Research projects in Dr. Jan Dörr's group
Currently, the Dörr lab focuses on the following research projects:
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- The impact of MYCN on therapy induced senescence in neuroblastoma
- Impact of MYCN and senescence on tumor heterogeneity in neuroblastomas in vivo
- Impact of senescence on hepatoblastoma development and therapy
- Targeting membraneless organelles in therapy-induced senescence of pediatric cancers
- Development of senescence-targeting T-cell immunotherapies for aggressive B-cell lymphomas
The impact of MYCN on therapy induced senescence in neuroblastoma
While the contribution of TIS to the treatment success of tumors with high MYC expression is currently being investigated in different malignancies, the relevance of TIS in MYCN-driven tumors, such as neuroblastoma, remains poorly defined. Importantly, the amplification of both MYC and MYCN on extrachromosomal DNA (ecDNA) has been suggested to contribute to intratumoral heterogeneity, tumor evolution and treatment resistance in different tumors, particularly neuroblastoma. How different copy numbers of MYC and MYCN on ecDNA influence cell fate decisions upon genotoxic therapies, such as apoptosis or senescence, shape cellular failsafe programs, specifically TIS, and thereby create intratumor heterogeneity in response to genotoxic therapies has not been determined.
Therefore, the project will (i) explore the contribution of MYCN and its potentially different target networks to cellular failsafe mechanisms, particularly TIS, in neuroblastoma, (ii) characterize the impact of extrachromosomal MYCN amplifications on TIS and (iii) investigate their relevance for intratumor heterogeneity in TIS and potentially treatment resistance.
Impact of MYCN and senescence on tumor heterogeneity in neuroblastomas in vivo
The research project aims at identifying MYCN-driven mechanisms that undermine treatment success. How different copy numbers of MYCN on ecDNA influence cell fate decisions upon genotoxic therapies, such as apoptosis or senescence, shape cellular failsafe programs, specifically TIS, and thereby create intratumor heterogeneity in response to genotoxic therapies has not been determined.
Therefore, the project will (i) explore the contribution of MYCN and its potentially different target networks to TIS in neuroblastoma, (ii) characterize the impact of extrachromosomal MYCN amplifications on TIS and (iii) investigate their relevance for intratumor heterogeneity in TIS. For this purpose MYCN-driven neuroblastic tumor mouse models as well as neuroblastoma PDX models and patient samples with and without MYCN-amplification will be employed to explore the contribution of linear and extrachromosomal MYCN amplifications to treatment response and characterize the impact of varying MYCN dosages on tumor remodeling and the tumor environment in vivo. In particular, the influence of MYCN dosage on TIS-specific reprogramming of the neuroblastoma proteome and metabolome will be dissected to uncover suitable targets for tumor cell intrinsic, senescence-based synthetic lethality screen. Additionally, experiments in immunocompetent mice will provide new insights into the modulation of neuroblastoma immunogenicity by TIS and will identify new tumor cell extrinsic therapeutic targets in the tumor environment.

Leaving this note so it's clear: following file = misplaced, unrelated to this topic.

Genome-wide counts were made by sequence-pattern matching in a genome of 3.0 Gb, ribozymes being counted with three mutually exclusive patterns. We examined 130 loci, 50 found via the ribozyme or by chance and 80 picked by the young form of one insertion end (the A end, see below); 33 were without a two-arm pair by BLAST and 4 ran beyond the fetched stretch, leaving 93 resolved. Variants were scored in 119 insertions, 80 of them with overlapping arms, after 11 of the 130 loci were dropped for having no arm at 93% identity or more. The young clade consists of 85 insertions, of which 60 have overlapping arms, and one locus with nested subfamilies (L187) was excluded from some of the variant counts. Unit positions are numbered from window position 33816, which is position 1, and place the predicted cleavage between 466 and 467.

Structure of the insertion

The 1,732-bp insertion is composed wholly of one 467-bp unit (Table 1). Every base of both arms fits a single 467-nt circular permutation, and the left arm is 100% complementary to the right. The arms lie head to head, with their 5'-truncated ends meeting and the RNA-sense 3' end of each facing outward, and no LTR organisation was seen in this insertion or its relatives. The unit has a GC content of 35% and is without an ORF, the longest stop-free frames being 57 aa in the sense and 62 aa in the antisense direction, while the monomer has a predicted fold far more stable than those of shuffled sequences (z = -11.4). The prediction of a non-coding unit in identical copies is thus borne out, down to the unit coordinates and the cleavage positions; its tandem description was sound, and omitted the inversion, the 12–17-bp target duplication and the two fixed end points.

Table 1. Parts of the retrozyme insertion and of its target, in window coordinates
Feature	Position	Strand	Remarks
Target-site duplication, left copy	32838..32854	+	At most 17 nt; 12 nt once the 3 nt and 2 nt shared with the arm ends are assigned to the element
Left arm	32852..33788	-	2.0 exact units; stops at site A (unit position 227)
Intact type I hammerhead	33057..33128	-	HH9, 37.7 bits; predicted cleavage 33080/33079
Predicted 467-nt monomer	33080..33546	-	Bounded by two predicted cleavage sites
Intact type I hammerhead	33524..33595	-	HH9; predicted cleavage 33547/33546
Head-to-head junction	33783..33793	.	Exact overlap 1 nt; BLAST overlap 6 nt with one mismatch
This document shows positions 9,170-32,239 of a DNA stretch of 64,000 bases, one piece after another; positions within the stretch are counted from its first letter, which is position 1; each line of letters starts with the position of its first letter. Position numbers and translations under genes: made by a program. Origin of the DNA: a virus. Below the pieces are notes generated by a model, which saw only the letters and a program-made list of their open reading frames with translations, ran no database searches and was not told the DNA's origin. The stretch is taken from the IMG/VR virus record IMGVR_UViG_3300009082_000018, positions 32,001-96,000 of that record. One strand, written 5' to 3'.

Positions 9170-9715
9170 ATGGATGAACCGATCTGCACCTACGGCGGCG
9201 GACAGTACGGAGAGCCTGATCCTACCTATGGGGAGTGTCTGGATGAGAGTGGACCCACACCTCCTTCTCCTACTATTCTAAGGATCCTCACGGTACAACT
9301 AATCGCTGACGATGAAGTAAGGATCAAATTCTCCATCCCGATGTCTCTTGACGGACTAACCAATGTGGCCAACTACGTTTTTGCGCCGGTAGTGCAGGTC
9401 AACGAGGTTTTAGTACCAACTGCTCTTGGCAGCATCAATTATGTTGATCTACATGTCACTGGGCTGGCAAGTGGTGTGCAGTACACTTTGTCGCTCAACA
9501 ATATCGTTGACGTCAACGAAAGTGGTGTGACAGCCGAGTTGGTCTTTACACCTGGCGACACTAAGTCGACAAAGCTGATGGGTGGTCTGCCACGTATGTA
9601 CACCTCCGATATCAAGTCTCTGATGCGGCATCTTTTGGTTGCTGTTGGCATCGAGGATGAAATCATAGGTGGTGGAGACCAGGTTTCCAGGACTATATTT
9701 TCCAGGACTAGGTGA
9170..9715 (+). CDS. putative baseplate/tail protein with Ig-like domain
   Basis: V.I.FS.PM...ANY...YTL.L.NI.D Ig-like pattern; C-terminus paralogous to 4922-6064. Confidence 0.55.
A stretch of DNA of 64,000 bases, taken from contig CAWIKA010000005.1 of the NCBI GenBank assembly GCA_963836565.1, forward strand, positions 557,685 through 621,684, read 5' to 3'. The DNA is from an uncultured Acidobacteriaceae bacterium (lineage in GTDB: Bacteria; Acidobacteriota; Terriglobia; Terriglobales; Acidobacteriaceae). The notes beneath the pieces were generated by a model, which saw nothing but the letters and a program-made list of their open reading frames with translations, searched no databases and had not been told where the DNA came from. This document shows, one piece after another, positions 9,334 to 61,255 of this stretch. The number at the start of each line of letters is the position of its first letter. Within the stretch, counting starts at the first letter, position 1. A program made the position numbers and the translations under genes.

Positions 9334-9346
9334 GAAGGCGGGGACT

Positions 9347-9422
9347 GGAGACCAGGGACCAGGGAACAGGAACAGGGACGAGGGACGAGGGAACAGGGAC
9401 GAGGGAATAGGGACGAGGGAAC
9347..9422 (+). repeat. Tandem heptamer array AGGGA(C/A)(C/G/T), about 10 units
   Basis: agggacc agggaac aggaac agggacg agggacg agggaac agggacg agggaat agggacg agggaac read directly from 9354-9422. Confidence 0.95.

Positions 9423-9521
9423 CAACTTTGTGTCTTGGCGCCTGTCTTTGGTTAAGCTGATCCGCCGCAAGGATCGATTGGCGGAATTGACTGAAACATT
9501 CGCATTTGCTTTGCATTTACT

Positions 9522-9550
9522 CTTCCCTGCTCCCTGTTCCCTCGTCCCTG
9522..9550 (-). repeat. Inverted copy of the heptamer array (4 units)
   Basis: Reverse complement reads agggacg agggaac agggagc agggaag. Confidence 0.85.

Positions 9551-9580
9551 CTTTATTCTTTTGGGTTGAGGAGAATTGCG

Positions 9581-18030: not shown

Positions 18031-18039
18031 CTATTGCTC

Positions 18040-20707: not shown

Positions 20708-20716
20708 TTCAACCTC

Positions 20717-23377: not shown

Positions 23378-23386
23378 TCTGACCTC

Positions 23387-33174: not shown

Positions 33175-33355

Therefore, this translational research project will uncover new MYCN-driven perturbations of the tumor biology and the tumor environment with the goal to identify novel senescence-specific therapeutic vulnerabilities for high-risk NB therapy.
Impact of senescence on hepatoblastoma development and therapy
While the contribution of TIS to the treatment success of tumors with high MYC expression is currently being investigated in different malignancies, the relevance of TIS in hepatoblastomas, particularly for MYC-driven, high-risk disease, remains undefined. Additionally, the contribution of oncogene-induced senescence (OIS) to hepatoblastoma development and the prognostic relevance of OIS and TIS to overall survival in hepatoblastomas has not been addressed.